In the beginning was the Word, and the Word was with God, and the Word was God. He was with God in the beginning. . . . The Word became flesh and made his dwelling among us. We have seen his glory, the glory of the one and only Son, who came from the Father, full of grace and truth. (John 1:1-2, 14)
In the original Greek, “the Word” is translated as logos, a masculine noun meaning “a word, speech, divine utterance, analogy.” It is from this Greek word that we get our word “logo” which is an image or symbol used to denote identity. As referenced above, one of the key themes of the Gospel of John is the identity of the Word, and as we break down these first two verses of the book, we’ll see John laying the groundwork for that theme.
Proper grammar has become something of a lost art and the study of grammar is often viewed as tedious, but we can gain much insight into Scripture if we take the time to look at the grammatical structure used. In John 1:1, we see three separate clauses—each containing a noun (the Word) and a verb (was). So let’s look at them in order:
1) The Word was in the beginning. This tells us that the Word precedes creation (see verse 3 and Colossians 1:15-17) and denies any claim that Jesus was merely a mortal being. Rather, the Word is eternal. In his prayer in the Garden of Gethsemane, Jesus reiterates this point when He says, “And now, Father, glorify me in your presence with the glory I had with you before the world began.” Not only was Jesus in existence “in the beginning” but he was glorified with the Father. And that leads us to our second clause.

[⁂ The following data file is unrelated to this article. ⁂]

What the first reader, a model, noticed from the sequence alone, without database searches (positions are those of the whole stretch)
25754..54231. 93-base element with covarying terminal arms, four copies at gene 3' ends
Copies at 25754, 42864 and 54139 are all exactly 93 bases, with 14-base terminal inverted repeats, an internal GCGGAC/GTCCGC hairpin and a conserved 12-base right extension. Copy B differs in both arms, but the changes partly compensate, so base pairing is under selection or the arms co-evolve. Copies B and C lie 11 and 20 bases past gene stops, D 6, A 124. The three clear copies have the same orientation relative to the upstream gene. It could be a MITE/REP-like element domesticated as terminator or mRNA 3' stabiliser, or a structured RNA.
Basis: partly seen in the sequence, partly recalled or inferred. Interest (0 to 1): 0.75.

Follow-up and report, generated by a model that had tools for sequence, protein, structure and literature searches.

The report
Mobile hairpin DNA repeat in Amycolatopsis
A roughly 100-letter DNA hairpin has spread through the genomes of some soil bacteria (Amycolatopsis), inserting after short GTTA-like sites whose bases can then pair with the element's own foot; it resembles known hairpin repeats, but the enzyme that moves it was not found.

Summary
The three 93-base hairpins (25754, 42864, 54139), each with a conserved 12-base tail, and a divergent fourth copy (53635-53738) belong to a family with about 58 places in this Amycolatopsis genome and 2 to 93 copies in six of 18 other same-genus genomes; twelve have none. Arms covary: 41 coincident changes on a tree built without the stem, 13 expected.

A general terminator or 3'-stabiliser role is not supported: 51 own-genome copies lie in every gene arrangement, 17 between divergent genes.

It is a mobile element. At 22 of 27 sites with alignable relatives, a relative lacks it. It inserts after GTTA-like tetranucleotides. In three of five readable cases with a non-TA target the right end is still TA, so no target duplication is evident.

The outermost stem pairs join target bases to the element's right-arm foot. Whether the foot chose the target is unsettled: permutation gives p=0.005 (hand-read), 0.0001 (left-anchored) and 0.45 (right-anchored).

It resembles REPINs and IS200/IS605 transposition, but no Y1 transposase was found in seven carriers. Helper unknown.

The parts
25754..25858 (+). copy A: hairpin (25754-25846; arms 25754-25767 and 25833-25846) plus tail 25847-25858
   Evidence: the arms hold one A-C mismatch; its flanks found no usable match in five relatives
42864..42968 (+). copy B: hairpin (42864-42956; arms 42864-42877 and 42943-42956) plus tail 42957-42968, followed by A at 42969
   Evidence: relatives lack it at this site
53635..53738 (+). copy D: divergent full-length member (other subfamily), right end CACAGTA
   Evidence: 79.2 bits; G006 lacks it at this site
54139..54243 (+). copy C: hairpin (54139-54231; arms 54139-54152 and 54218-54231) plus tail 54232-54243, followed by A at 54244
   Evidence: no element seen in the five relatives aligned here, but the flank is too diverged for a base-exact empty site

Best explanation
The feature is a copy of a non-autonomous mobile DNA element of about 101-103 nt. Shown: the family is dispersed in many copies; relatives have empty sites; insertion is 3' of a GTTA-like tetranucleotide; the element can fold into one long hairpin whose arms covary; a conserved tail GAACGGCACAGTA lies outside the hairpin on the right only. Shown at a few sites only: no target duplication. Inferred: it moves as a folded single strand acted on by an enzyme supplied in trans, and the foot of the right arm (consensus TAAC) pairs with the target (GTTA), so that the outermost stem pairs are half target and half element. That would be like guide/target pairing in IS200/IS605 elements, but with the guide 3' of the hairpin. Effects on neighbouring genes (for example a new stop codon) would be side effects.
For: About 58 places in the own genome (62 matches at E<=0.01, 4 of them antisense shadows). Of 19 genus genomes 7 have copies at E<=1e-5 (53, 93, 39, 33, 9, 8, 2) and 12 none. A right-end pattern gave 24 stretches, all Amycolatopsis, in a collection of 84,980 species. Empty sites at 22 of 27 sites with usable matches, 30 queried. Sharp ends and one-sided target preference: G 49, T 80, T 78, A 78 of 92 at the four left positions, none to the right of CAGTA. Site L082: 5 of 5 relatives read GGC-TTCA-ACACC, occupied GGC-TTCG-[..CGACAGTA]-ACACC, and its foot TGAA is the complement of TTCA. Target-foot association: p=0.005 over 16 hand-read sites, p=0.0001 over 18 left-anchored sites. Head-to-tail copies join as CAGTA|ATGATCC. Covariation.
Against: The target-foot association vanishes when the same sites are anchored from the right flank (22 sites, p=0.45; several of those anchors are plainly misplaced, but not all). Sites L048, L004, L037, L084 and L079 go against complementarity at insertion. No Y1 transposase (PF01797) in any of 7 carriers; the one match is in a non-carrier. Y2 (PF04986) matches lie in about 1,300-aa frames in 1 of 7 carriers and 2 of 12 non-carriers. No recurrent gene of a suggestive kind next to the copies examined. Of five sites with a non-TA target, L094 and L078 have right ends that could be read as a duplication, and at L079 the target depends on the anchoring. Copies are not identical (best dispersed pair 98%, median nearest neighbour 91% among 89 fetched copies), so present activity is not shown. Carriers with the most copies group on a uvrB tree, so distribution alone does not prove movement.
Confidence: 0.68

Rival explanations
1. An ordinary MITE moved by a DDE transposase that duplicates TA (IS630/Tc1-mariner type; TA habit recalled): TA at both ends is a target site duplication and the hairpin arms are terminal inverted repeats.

2) The Word was with God. This shows union, and throughout the book, Jesus repeatedly refers to this unity of purpose. But let’s be clear, John is not just speaking of two like-minded entities. Rather, with God, purpose is derived from identity. Two people might come together and achieve unity because they have a similar goal or purpose. God the Father and God the Son have a unified purpose because of their intimate, perfect, eternal love relationship. So the Word not only precedes creation by being in existence first, but the Word also supersedes creation by having eternal, purposeful, intimate unity with God.
3) The Word was God. The third clause is different. The first two follow the same pattern—noun, verb, preposition, and object of preposition. In the last sentence, there is no preposition; we only have a noun (the Word), a verb (was), and a second noun (God). A prepositional phrase is a modifier—that is, something to describe an attribute (eternality, unity). But in this third clause, there is no modification. There is only identification. Put another way, the first two sentences give us details about the Word (when and where) but the third tells us who the Word is at its essence. As mentioned above, that identity is a huge theme of the book, so John starts out not with the birth of the incarnate Jesus, but with the eternal existence of the pre-incarnate Jesus.
Sadly, there are many people—some who categorize themselves as Christian—who would deny the deity of Christ. They claim He was merely human, or was imbued with a form of godliness for a period of time. In the first verse of his gospel, John makes it clear that such beliefs are nothing short of heresy. The Word existed at the beginning—or origin, per the Greek word archē—and the Word was God. Not a God, as some cults would claim. Not like a God. He was God. Other Bible authors use the phrases “exact representation of his being” and “in very nature” to describe this union.